By the time I made myself start following up on why I hadn’t heard from anyone, it had been nearly 3 months. I rang the day clinic to see if they’d gotten any letter – they’d gotten nothing. I then rang the doctor’s office – they hadn’t sent anything. I then asked them if they would send it, they said they would check on that and let me know what was happening. Another long wait (think it was 2 weeks). I rang them back again; they said they couldn’t because my medical card had expired and the day clinic only worked through that.

Yup, on that point they were right. However, they’d had almost two and a half months between my initial request for an urgent letter of referral and my Medical Card expiring, during which time they had done absolutely nothing. I got through months of utter shite in spite of the people who had a duty of care towards me and basically acted like I didn’t exist. Me, and many others. Unfortunately, for some, the lack of care they experienced proved fatal. So while my case is fairly benign in the grand scheme of things, it’s just something worth thinking about.

On the back of that, I guess ‘system fuck-up’ is probably the wrong title. That would imply that things were done, but done incorrectly. In my case, nothing was done. So maybe it’s more ‘system apathy’. I’m sure if I presented at the doctor’s office with two open veins in my arms and falling to my knees wailing and begging for help, I may have gotten somewhere. But who wants to be at to that stage in order to get help? FUCKING NOBODY. If you want to be cold and money-centred about this, wouldn’t it cost the State less to treat someone walking in and asking for help on an outpatient basis rather than endless days and nights in acute residential care? 

All they had to do was send a letter. I would have gotten to the day clinic, which had helped me so much before. They were the bridge between me and the organisation I needed help from, and they didn’t do their (fairly small but essential) part. They then tell me it’s my fault because by the time I started following up on it after waiting months to hear back from them, I didn’t qualify any more. They may as well tell someone with a broken leg to walk to Casualty by themselves without crutches, then getting annoyed at them for falling over.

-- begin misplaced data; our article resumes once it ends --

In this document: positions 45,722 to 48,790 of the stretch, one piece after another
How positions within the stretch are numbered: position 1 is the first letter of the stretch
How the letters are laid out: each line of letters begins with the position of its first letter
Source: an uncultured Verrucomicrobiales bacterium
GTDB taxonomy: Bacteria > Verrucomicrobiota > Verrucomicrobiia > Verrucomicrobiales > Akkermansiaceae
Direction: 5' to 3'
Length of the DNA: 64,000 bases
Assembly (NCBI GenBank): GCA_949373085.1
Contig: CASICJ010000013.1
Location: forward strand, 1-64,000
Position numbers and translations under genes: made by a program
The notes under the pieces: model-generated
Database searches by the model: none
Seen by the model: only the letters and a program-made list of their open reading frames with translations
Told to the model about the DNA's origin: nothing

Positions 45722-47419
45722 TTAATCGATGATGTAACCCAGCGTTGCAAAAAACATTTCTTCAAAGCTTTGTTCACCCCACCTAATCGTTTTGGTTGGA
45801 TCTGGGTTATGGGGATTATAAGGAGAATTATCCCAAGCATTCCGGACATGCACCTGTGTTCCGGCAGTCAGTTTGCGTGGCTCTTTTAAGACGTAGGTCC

My point is this: like many others in this country, my brain is a bit broken. And, unfortunately, it’s the only only one I have. And yet somehow, I have to use my broken brain to tell itself that it has to go and get help for being broken. Anybody spot the problem? Not only that, but it will also have to do a lot of legwork that it shouldn’t have to do, because the people that we trust to find a way for us to get things like broken brains fixed aren’t doing their job – in my case, simply because they sat back and did fuck-all when I asked for help.

Anyway, that’s my story. I’m angry as fuck. At them, and at myself for not filling in my paperwork in a timely manner. If I had, I could REALLY get angry and righteous with the system without having to add in a ‘Mea Culpa’ sub-heading. But hey, real-life is complicated. Ugh. But you know, other than that….

About JayRow

Singer, songwriter, student radio broadcaster, teacher, commitment-phobe, depressive, loudmouth, Facebook obsessive, blogging addict, celebrity hassler, professional stalker, pipe dreamer, ambitious young thing!
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One Comment

  1. I was diagnosed with depression in the UK, when I had an active social life, a full time job, a steady home and a wide circle of friends.

    I moved back to Ireland and after a series of crappy sessions, I was told, nope, it’s anxiety and ocd. That was fine.

    I went to hospital and the head of the department told me I wouldn’t be depressed any more if I had a job. So there’s that.